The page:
U.S. EPA Contaminated Site Cleanup Information (CLU-IN)


U.S. Environmental Protection Agency
U.S. EPA Technology Innovation and Field Services Division

Fractured Bedrock Project Profiles

Last Updated: December 15, 2005

Point of Contact:
Paul G. Landry
1400 Weston Way
P.O. Box 2653
West Chester PA 19380-2653 
Tel: 610-701-3000 
Fax: 610-701-3168
Email: landryp@
ail.rfweston.com

Letterkenny Army Depot: Building 37
Chambersburg, PA


Hydrogeology:

The groundwater system beneath the site is a complex, folded and fractured limestone aquifer that exhibits wide variations in seasonal water levels and well yields and that contains a well-developed epikarstic zone. Groundwater beneath the site flows to the south, discharging in a series of off-post springs about 1.5 miles from the boundary of Letterkenny Army Depot (LEAD).

Targeted Environmental Media:
  • - Fractured Bedrock

Contaminants:

Major Contaminants and Maximum Concentrations:
  • - Trichloroethene (0 µg/L)
  • - 1,1,1-Trichloroethane (0 µg/L)
  • - Tetrachloroethene (0 µg/L)
  • - 1,2-Dichloroethane (0 µg/L)
  • - 1,1-Dichloroethene (0 µg/L)
  • - 1,1-Dichloroethane (0 µg/L)
  • - Vinyl chloride (0 µg/L)
  • - Chloroethane (0 µg/L)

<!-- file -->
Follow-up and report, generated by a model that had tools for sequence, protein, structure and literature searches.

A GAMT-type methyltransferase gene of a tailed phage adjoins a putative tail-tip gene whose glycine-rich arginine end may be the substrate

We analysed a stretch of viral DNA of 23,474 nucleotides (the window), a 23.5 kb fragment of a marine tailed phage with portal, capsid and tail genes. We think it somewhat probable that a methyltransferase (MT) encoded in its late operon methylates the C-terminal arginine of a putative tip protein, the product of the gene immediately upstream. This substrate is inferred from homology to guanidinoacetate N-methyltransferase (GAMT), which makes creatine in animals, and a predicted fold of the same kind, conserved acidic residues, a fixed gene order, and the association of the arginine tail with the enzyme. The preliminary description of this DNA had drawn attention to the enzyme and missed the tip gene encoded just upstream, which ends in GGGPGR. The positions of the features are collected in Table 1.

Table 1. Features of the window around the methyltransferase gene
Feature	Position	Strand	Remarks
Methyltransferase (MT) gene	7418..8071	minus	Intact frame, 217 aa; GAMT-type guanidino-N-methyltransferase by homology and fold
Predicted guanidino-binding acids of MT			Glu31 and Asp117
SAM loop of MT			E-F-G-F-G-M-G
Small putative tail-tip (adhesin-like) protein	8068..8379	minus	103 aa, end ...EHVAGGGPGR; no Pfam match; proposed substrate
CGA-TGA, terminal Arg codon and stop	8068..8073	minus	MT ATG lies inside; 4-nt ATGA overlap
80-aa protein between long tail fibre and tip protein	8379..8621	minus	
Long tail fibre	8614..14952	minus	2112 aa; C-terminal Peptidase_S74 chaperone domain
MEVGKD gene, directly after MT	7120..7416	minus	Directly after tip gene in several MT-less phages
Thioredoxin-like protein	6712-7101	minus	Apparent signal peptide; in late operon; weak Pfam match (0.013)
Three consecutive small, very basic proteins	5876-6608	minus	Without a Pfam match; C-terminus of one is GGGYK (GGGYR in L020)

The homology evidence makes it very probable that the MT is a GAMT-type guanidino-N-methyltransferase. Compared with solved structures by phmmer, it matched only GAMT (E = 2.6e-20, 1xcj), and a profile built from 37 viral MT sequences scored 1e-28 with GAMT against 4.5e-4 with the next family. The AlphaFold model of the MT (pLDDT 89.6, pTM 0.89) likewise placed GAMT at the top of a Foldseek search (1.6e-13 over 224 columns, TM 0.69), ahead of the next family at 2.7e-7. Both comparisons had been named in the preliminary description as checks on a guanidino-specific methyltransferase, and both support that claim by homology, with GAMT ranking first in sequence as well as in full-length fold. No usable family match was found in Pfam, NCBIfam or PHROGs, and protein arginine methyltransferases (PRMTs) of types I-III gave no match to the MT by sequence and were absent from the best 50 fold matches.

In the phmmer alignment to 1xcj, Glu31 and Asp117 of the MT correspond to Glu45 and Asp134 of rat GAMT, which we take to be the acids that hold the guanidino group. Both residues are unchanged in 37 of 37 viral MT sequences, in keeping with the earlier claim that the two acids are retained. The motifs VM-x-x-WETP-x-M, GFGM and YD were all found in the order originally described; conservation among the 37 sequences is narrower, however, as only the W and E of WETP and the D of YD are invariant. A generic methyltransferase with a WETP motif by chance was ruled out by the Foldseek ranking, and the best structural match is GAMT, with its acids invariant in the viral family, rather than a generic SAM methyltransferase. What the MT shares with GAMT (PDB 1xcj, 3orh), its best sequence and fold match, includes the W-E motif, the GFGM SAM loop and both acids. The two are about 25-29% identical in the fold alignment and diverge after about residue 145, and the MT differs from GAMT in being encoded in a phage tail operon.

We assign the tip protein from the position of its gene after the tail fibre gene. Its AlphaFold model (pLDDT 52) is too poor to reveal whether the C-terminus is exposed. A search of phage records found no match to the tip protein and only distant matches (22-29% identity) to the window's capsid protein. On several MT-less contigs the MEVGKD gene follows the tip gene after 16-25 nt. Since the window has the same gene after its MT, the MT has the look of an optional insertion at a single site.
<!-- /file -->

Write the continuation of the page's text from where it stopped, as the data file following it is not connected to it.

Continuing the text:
Site Characterization Technologies:

No technologies selected.


Remedial Technologies:

  • - Bioremediation (In Situ)
    • Reductive Dechlorination (In Situ Bioremediation)
Comments:
A bench-scale microcosm study indicated that the microbial degradation of the VOCs could be greatly enhanced under anaerobic conditions through the addition of sodium lactate. A 6-month pilot scale study followed. The results indicated that the discharge of VOCs to the springs was nondetectable within 1 month of injection. Biological indicator compounds, particularly methane, also showed marked increases in concentration.

In late 2000, the Army implemented the enhanced bioremediation effort on a full-scale basis. The program involves the introduction of sodium lactate, with a tracer dye, into a series of injection wells over a 30-day period every 6 to 8 months. Bi-monthly groundwater samples are collected from a series of on-site and off-site locations for analysis of lactate, dye, VOCs, and dissolved gases to track the progress of cleanup.

Remediation Goals:

Not provided in information reviewed.


Status:

Analytical results indicate that the sodium lactate is distributed effectively throughout the source area and that the contaminant plume is continuing to biodegrade. VOC levels in off-post wells and springs have rapidly declined and remained below applicable or relevant and appropriate requirements (ARARs) since 2002. On-post production of medium and light molecular weight daughter products has shown a consistent decline to near ARAR concentrations in 2003, while primary solvents have generally declined and remained below ARARs since 2002.


Lessons Learned:

Reference:
Landry, Paul G.; Paul R. Stone III. 2005. Enhanced bioremediation of chlorinated solvents in karst limestone bedrock using sodium lactate. The Eighth International In Situ and On-Site Bioremediation Symposium, Baltimore, Maryland. June 6-9.

Top of Page

For more information on Fractured Bedrock, please contact:

Ed Gilbert
Technology Assessment Branch

PH: (703) 603-8883 | Email: gilbert.edward@epa.gov